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Coalition Name. Presenter. Title Email. Date. Health Effects of Transportation Emissions. U.S. Criteria Pollutant Emissions: Transportation’s Share. * Off-road does not include rail, air, or marine. ** This total may not equal the sum of on-road and off-road due to rounding. + Ozone.

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coalition name

Coalition Name

Presenter

Title

Email

Date

Health Effects of Transportation Emissions

u s criteria pollutant emissions transportation s share
U.S. Criteria Pollutant Emissions: Transportation’s Share

* Off-road does not include rail, air, or marine.

** This total may not equal the sum of on-road and off-road due to rounding.

+ Ozone

VOCs + NOx + Heat + Sunlight = Ozone

other pollutant emissions
Other Pollutant Emissions
  • Greenhouse Gases (GHGs)
    • Carbon Dioxide (CO2)
      • On-road vehicles account for 36% of CO2 pollution in the United States.
    • Methane (CH4)
    • Others
  • Volatile Organic Compounds (VOCs)
    • On-road vehicles account for 28% of VOC pollution in the United States.
  • Hydrocarbons (HCs)
  • Air Toxics
    • 1,3-Butadiene
    • Formaldehyde
    • Benzene
    • Acetaldehyde
    • Others
adverse health effects of pollutants
Adverse Health Effects of Pollutants
  • Fatigue
  • Chest pain (particularly in people with heart disease)

CO

  • Respiratory symptoms: airway inflammation, aggravated asthma symptoms, emphysema, bronchitis
  • Aggravates heart disease

NOx

  • Respiratory symptoms: airway irritation, coughing, decreased lung function, aggravated asthma symptoms, bronchitis
  • Irregular heartbeat

PM

  • Respiratory symptoms: bronchioconstriction, aggravated asthma symptoms, wheezing, chest tightness

SOx

adverse health effects of pollutants1
Adverse Health Effects of Pollutants
  • Respiratory symptoms: airway irritation, coughing, wheezing, shortness of breath, aggravated asthma symptoms, pneumonia, bronchitis

Ozone

  • Effects of climate change:
    • Increased extreme heat waves and extreme weather;
    • Increased risk of infectious diseases;
    • Compromised air quality

GHGs

  • Eye, nose, throat irritation
  • Headaches, loss of coordination, nausea
  • Damage to liver, kidney, central nervous system
  • Cancer

VOCs

  • Cancer
  • Cardiovascular disease
  • Impaired fertility
  • Blood disorders

Air Toxics

air pollution is widespread
Air Pollution is Widespread
  • Approximately 50% of the U.S. population lives in areas where air pollution levels are high enough to negatively impact public health or the environment.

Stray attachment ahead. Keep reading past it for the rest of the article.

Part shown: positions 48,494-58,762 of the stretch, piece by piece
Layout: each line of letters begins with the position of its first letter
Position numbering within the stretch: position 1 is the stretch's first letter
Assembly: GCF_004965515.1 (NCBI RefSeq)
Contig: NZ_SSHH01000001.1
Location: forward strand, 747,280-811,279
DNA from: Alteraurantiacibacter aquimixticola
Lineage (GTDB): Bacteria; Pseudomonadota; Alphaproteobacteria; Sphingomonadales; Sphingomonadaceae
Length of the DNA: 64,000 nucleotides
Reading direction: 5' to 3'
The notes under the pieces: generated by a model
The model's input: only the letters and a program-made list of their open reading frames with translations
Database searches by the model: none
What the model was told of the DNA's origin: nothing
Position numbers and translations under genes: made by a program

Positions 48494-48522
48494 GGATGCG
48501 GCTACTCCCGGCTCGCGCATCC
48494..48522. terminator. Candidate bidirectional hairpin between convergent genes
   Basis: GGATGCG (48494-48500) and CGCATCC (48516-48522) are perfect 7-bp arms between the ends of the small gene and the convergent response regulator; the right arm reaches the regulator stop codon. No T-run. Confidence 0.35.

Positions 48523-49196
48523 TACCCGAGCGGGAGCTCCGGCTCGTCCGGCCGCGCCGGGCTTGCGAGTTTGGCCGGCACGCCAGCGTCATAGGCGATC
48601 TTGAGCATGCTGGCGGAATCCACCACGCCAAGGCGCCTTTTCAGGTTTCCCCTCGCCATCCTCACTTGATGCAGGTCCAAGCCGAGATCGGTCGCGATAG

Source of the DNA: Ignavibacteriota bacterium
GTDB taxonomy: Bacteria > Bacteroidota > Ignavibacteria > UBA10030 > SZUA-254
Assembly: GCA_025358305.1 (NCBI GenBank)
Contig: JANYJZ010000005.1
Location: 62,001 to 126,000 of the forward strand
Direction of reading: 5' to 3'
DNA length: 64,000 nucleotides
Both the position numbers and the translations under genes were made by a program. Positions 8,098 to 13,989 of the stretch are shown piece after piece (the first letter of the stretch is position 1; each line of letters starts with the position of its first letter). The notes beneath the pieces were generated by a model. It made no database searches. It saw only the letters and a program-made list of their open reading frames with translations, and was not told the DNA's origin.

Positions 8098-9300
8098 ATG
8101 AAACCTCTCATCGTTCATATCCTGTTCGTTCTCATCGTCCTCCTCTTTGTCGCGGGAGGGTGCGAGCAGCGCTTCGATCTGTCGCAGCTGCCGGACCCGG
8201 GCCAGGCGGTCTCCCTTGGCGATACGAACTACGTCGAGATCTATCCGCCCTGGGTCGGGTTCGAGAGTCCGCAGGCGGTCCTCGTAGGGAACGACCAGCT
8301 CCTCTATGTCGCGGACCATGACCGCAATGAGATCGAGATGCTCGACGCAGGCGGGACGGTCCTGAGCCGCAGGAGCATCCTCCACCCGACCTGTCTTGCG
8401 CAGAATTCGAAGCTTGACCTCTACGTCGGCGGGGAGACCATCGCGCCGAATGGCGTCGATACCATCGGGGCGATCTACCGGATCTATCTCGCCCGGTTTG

• Air pollution hovers at unhealthy levels in almost every major U.S. city.
  • About one in 17 people in the United States lives in an area where fine PM pollution levels are unhealthy year-round.
of particular concern
Of Particular Concern…
  • Areas with heavy highway traffic
    • Individuals living in these areas are at higher risk for heart attack, allergies, premature births, and other conditions.
  • Work-related exposures
    • Studies show that truck drivers, dock workers, and railroad workers may face higher risk of death from lung cancer and chronic obstructive pulmonary disease (COPD) from breathing diesel emissions on the job.
  • Children
    • Children have developing respiratory systems and a faster breathing rate, so are more susceptible to respiratory disease.
  • Elderly and susceptible populations
    • Pollutants can aggravate symptoms from pre-existing conditions (e.g., asthma, heart conditions).
alternative fuel emissions
Alternative Fuel Emissions
  • Emissions reductions vary among alternative fuels.
  • Study variability makes it difficult to directly compare all alternative fuels.
  • Can be characterized as:
    • Upstream: Emissions from the production and distribution of the fuel used to operate the vehicle
    • Tailpipe: Emissions produced by a vehicle while operating
    • Well-to-wheel: The combination of upstream and tailpipe emissions
alternative fuel ghg emissions
Alternative Fuel GHG Emissions

* Based on grams/mile emissions

tools resources
Tools & Resources
  • Alternative Fuels & Advanced Vehicles Data Center: Alternative Fuel Vehicle Emissions

www.afdc.energy.gov/afdc/vehicles/emissions.html

  • Office of Transportation and Air Quality, EPA

www.epa.gov/otaq/

  • Argonne National Laboratory, Greenhouse Gases, Regulated Emissions, and Energy Use in Transportation (GREET) Model

http://greet.es.anl.gov/

  • U.S. Environmental Protection Agency (EPA): Motor Vehicle Emission Simulator (MOVES)

www.epa.gov/otaq/models/moves/index.htm